Sunday, April 06, 2008

Dangerous precedent, if true

I think several points raised the Milford Daily News article today deserve some elaboration.

'The School Committee... seems to be accepting grants, so I don't know why they couldn't accept a grant from the Brick School (Association),'' said Hunter.
They will if the grant is for supplementing not supplanting what the school budget provides.

"They've said they won't accept donations to pay for a teacher, but last week, they accepted $2,000 for a teacher to use in her classroom through a `Teacher of the Year' award,'' Sandham said.
I guess you don't understand the difference between supplement and supplant. The money is an award for the teach to use in her classroom, it does not pay the teacher's salary.

"We're hoping there will be some way we can work with them,'' she said. The committee's policy should not prevent funding via grants, Sandham added.
There is a way. Make the grant non-specific and they'll accept it based upon the policy revision to use it to supplement and not supplant the school budget.

Rep. James Vallee, D-Franklin, has also told the group he has earmarked $25,000 for the Brick School, Hunter and Brick School House Association Secretary Paula Sandham said.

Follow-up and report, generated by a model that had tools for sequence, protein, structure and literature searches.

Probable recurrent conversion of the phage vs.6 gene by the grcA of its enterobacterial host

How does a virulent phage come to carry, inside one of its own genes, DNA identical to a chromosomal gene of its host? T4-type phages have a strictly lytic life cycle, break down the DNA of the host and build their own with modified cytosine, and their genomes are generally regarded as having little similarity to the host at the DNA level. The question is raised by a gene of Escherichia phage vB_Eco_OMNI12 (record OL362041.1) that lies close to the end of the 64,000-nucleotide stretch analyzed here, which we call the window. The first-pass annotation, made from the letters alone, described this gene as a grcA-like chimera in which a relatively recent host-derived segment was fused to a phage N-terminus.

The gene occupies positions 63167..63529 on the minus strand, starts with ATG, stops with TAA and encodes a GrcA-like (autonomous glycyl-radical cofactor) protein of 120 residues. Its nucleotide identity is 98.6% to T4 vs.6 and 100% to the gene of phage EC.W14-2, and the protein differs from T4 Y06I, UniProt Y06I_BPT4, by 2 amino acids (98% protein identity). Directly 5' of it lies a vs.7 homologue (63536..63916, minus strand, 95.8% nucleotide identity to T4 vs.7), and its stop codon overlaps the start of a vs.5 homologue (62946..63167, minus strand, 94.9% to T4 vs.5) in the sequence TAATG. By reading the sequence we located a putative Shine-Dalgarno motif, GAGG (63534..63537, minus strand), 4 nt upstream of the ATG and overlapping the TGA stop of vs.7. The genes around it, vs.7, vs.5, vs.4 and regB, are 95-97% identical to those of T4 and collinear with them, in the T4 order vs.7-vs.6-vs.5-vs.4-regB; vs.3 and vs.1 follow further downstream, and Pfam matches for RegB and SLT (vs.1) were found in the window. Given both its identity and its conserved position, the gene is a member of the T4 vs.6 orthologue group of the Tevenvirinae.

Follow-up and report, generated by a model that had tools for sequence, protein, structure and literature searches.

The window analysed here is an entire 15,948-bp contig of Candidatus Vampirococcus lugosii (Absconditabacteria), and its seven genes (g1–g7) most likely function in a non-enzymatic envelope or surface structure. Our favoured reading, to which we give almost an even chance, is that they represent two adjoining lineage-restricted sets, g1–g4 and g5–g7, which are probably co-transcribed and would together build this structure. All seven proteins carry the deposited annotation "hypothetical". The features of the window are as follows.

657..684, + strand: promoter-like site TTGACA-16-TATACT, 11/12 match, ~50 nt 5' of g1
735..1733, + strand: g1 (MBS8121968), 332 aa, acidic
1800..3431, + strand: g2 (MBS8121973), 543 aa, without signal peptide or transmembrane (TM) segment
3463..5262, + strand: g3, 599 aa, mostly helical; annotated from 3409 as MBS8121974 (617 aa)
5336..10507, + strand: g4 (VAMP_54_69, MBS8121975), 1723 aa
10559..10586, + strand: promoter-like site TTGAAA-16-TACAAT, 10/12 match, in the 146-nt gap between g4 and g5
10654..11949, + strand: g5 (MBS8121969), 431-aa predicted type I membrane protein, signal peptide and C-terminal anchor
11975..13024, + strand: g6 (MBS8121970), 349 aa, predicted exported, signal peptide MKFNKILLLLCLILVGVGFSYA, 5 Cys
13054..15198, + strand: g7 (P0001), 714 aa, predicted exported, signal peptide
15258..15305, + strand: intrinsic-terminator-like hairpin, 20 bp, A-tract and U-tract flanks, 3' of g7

Vallee could not be reached to confirm the earmark, though his staff director, Erin L. Souza, said he has not yet made a decision on the association's request for the funds.
This would be a dangerous precedent if true. While Rep. Vallee has been very successful in providing funds to Franklin via the Chapter 70 allocation and other grants, an earmark would cross the border of who controls and determines the funding for education in Franklin; our state Rep or the School Committee?

As I have mentioned elsewhere, the real focus needs to be on the total budget for Franklin education. We can not afford to loose 45 teachers. The trend in the last several years is for providing less than the level service of the prior year. If the cuts (as forecasted) do go through, the trend of being a high performing district will begin to show up in next year's MCAS results. Another year or two of more cuts and we'll be in similar straits as Randolph.

Franklin has gotten used to living of the largess of the Commonwealth. Chapter 70 provides half the funding for our schools (see the state trending information put together by two Arlington residents).

Will Franklin decide to start paying their own way?
How much educational funding will that equate to?

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